Now that I've hopefully established the necessity of subjectivity in reviews, let's jump back to Carolyn's GTAV review for a moment. What's particularly annoying to me about criticisms of the review is that many players are basically admitting that her points about misogyny and sexism are right, but they should just be ignored anyway, citing that personal politics shouldn't factor into the score. But why not? As I've already pointed out, a large part of doing a review is expressing the critic's opinion, and since enjoyment can certainly be affected by political messages in the game, then it's fair game to offer commentary on them. Yes, there can be a wide range of opinions where controversial issues are concerned, but such can still be the case for any other aspect of a game as well. Some people enjoy level grinding for example; others may find it tedious. Either way, it is completely appropriate to talk about politics in a game that deals heavily in political commentary. In fact to ignore it altogether would almost be dishonest. I'm not saying anyone needs to agree with Carolyn's opinion, but this idea that she shouldn't even be allowed to express it out of some strange notion of professionalism is ridiculous. Being professional doesn't mean you need to tap dance around controversial issues; you just need to be respectful when expressing your point of view, which I believe Carolyn certainly was. Another argument I've heard is that it's GTA so misogyny should just be expected, as if to imply that if something has already established itself to be morally repugnant previously that it somehow no longer becomes a problem in subsequent iterations. I'm sorry but that's not how it works either. Garbage is still garbage and it doesn't suddenly turn into decoration just because it's been laying on the floor long enough without getting picked up.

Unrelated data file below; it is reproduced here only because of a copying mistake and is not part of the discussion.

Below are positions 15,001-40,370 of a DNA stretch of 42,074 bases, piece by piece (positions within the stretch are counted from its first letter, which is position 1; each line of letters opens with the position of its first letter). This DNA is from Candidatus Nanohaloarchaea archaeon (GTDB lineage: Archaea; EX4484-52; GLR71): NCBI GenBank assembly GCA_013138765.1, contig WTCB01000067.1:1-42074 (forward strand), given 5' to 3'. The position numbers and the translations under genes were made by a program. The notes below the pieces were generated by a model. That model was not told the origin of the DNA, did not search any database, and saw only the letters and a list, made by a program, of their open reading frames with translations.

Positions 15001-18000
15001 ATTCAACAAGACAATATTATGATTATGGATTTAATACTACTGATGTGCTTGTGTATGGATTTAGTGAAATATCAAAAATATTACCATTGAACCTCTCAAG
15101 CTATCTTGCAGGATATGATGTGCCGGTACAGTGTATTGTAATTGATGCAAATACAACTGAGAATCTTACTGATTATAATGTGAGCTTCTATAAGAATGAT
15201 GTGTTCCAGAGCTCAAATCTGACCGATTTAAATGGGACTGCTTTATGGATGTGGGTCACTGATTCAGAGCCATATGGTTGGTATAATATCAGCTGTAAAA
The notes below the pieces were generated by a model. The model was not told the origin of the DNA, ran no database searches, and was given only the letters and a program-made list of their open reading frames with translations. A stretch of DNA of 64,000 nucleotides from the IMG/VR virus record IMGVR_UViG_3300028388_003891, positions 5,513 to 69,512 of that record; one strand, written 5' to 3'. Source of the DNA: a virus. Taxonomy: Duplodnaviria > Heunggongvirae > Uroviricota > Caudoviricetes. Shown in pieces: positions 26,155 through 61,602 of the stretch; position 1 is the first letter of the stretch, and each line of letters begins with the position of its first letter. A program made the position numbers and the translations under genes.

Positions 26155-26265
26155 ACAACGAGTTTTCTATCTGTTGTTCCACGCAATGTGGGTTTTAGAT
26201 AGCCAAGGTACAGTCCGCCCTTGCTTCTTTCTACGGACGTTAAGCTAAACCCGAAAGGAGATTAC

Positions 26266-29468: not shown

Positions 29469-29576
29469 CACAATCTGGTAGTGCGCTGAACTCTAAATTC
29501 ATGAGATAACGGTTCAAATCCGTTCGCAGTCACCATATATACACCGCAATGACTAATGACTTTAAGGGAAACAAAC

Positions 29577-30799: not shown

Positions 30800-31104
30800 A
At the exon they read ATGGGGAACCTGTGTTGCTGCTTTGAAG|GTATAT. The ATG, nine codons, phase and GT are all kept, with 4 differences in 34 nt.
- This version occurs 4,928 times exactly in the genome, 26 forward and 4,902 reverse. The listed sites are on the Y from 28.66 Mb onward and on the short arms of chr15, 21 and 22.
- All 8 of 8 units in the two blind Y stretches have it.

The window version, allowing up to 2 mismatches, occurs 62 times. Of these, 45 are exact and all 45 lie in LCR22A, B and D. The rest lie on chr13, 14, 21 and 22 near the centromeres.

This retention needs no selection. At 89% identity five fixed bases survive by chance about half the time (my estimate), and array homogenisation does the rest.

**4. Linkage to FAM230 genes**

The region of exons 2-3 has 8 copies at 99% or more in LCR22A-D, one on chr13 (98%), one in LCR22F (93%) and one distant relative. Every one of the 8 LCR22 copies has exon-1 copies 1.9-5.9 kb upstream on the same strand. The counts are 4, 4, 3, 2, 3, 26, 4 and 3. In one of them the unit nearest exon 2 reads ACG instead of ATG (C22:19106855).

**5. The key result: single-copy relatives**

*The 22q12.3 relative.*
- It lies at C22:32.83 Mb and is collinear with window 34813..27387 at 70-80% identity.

GTAV ultimately got a 9/10, which last I checked is a superb score and an editor's choice. In other words, in spite of Carolyn's annoyances with its sexist undertones, she still thought it was an amazing game anyway. At the end of the day I don't see what there is to fuss about considering this. Even if you disagree with her view on that particular point, it did little to affect the overall score of the game, and if we're seriously going to start complaining because of a difference of 1 point, this is clearly no longer about trying to get informed about a game but instead seeking validations for one's own ego, because whether a game gets a 9/10 or 10/10, with that high of a score, it shouldn't stop you from enjoying the game regardless.
I've been saying for a while now that game reviews have become inflated, and anything that receives less than an 8/10 is regarded as a failure. For some well-established franchises, even a 9/10 is starting to become no longer enough. This madness has got to stop. The more we inflate game scores, the more we just devalue the scores anyway until they become meaningless. Ask yourself before you hand out that next 9/10 or perfect score; does this game really stand tall above all the rest as a game that will truly be memorable and revisited for years to come? I'm finding more and more games receiving very generous scores that I end up buying and being sorely disappointed by. These are games that are from genres I normally enjoy as well. As a result, it's becoming harder and harder for me to find critics that I trust.
I literally read from another commentator on Carolyn's GTAV review that if game reviews weren't objective then the scores wouldn't all be the same; as if implying that this would be a bad thing. Oh my god, really? You mean... people might actually have... A DIFFERENCE OF OPINION?!
Someone call the Gamestapo Secret Police! Such dissent must be silenced at once! Unbelievable that this is a commonly shared opinion among seemingly many gamers. There is value to be had in varying opinion being that no one shares exactly the same tastes. If all reviews shared the same opinions then many people could not find critics that they can relate to and trust. As much hate as Tom McShea got from his review of Skyward Sword for example, I actually gained a great deal of respect for him since then. I like many others ignored his review initially, thoroughly convinced that he couldn't be right, but when I actually sat down to play the game myself, I had to honestly admit that the controls were as problematic as he had described. Not game-breaking, but enough of a nuisance that it took a high toll on my experience. The fact that Tom was willing to take a step back and not automatically assume that a Zelda game is entitled to a very high score just because of its established pedigree, and instead gave a score that accurately and directly correlated to his true experience with it, I became much more trusting of Tom's insights from then onward.
The bottom line I guess I'm trying to get at here is be careful what you wish for. If you want truly objective reviews, you're asking for a snorefest. An uninformative, bland and boring snorefest. I welcome opinions, and lots of them. Gamers need to stop using terms they don't understand or they might just get exactly what they want, much to their own detriment.